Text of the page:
Since independence, all three South Caucasus states have seen a revival in religious practice. The Georgian and Armenian ‘national’ churches were quickly restored in their central roles within the identities of their respective ethnic groups; the Islamic denominations in Azerbaijan likewise saw the faithful return to their mosques in large numbers. Meanwhile, as in the rest of the former Soviet Union, a large number of cults – including the Jehova’s Witnesses, and the Hare Krishnas – started infringing on what the established religions saw as ‘their’ rightful spheres of influence as ordinary Armenians, Azerbaijanis and Georgians embraced the spiritualism they had been denied under Soviet, scientific-socialist rule, with gusto.
This religious revival tied in perfectly with the national (re)awakenings that occurred in parallel at that time. Church and mosque provided a value-system that could act as a complement to the more secular post-Soviet mythologies of nationalism; as victims of Communist repression, Armenia’s and Georgia’s churches could, in particular, be portrayed as repositories of a long-lost, pre-Soviet ethnic authenticity and authority, an insight also seized upon, within the Russian context, by Vladimir Putin. In both of the South Caucasus’ majority Christian republics, post-Soviet elites took great care to maintain good relations with their respective church hierarchies. Former Communist party members – including Eduard Shevardnadze – had themselves baptised after quite sudden Pauline conversions; large cathedrals were built at great public expense in both Yerevan and Tbilisi, in the middle of economic crisis and stagnation. And as the walls between secular and religious authority crumbled, a shady ideological alliance emerged between religious, political and business elites.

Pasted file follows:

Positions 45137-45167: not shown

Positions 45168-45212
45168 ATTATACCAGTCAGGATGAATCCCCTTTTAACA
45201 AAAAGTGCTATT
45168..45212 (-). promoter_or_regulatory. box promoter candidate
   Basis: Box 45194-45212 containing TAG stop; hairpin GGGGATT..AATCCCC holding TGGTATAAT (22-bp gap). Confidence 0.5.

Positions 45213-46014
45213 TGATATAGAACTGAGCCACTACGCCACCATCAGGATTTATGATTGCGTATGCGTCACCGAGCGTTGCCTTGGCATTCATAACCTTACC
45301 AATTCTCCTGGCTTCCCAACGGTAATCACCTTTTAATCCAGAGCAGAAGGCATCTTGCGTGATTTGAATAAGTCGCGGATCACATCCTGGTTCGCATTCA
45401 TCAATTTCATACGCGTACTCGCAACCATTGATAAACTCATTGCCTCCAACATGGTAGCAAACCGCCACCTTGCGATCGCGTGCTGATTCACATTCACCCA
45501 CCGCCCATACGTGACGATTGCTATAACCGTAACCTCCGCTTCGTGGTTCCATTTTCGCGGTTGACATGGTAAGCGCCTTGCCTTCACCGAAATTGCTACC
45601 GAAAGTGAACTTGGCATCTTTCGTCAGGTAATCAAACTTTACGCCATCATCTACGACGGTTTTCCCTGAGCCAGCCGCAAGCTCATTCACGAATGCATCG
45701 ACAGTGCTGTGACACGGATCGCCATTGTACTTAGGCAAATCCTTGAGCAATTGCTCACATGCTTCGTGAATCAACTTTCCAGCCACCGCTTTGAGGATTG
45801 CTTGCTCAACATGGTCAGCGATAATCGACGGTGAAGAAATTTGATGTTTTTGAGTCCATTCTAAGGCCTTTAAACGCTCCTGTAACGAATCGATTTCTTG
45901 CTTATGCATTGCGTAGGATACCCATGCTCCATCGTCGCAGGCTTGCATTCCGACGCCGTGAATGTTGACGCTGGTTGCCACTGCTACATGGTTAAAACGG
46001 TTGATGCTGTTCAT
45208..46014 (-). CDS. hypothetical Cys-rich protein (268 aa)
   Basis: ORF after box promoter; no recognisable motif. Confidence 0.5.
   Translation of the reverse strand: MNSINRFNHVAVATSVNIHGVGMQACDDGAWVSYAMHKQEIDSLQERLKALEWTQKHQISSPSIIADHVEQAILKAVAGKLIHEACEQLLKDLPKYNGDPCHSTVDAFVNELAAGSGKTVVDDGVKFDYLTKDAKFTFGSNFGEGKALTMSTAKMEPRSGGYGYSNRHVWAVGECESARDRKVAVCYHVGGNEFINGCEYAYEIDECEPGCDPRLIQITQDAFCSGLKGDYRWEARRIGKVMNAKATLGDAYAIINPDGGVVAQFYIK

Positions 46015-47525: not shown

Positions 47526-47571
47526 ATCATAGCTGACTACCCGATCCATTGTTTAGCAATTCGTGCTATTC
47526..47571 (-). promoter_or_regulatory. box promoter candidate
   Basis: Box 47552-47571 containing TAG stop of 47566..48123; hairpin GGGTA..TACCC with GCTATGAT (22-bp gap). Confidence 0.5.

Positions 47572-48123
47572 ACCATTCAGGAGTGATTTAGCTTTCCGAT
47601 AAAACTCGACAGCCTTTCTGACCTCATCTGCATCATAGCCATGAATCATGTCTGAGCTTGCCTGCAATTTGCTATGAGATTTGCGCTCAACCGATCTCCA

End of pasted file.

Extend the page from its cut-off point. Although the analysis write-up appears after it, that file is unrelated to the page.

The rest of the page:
As a result, the South Caucasus’ Church hierarchies make sure their injunctions do not entail any criticism of the corruption and moral degeneracy that have become a hallmark of their countries social elites; and in return, political leaders grant ‘their’ churches carte blanche, place them above legal scrutiny, based on a faux reverence towards an institution they are all too willing to manipulate towards their ends. In effect, significant portions of the region’s clergy and its politicians have developed a symbiotic relationship that is not quite unlike the one between Pontius Pilate and the Pharisees - as depicted in the New Testament - with the latter moralising over the behaviour of their ‘little people’ while failing to ever challenge the decadent ways of the powerful, including themselves. While these churchmen aim their arrows of damnation on the weak in their societies, they remain deafeningly silent on the much greater and immoral transgressions of the wealthy; in return, they are embraced by oligarchs and politicians as their own, sometimes unashamedly flaunting the wealth gathered from their interaction with the worldly, unholy games of commerce and corruption.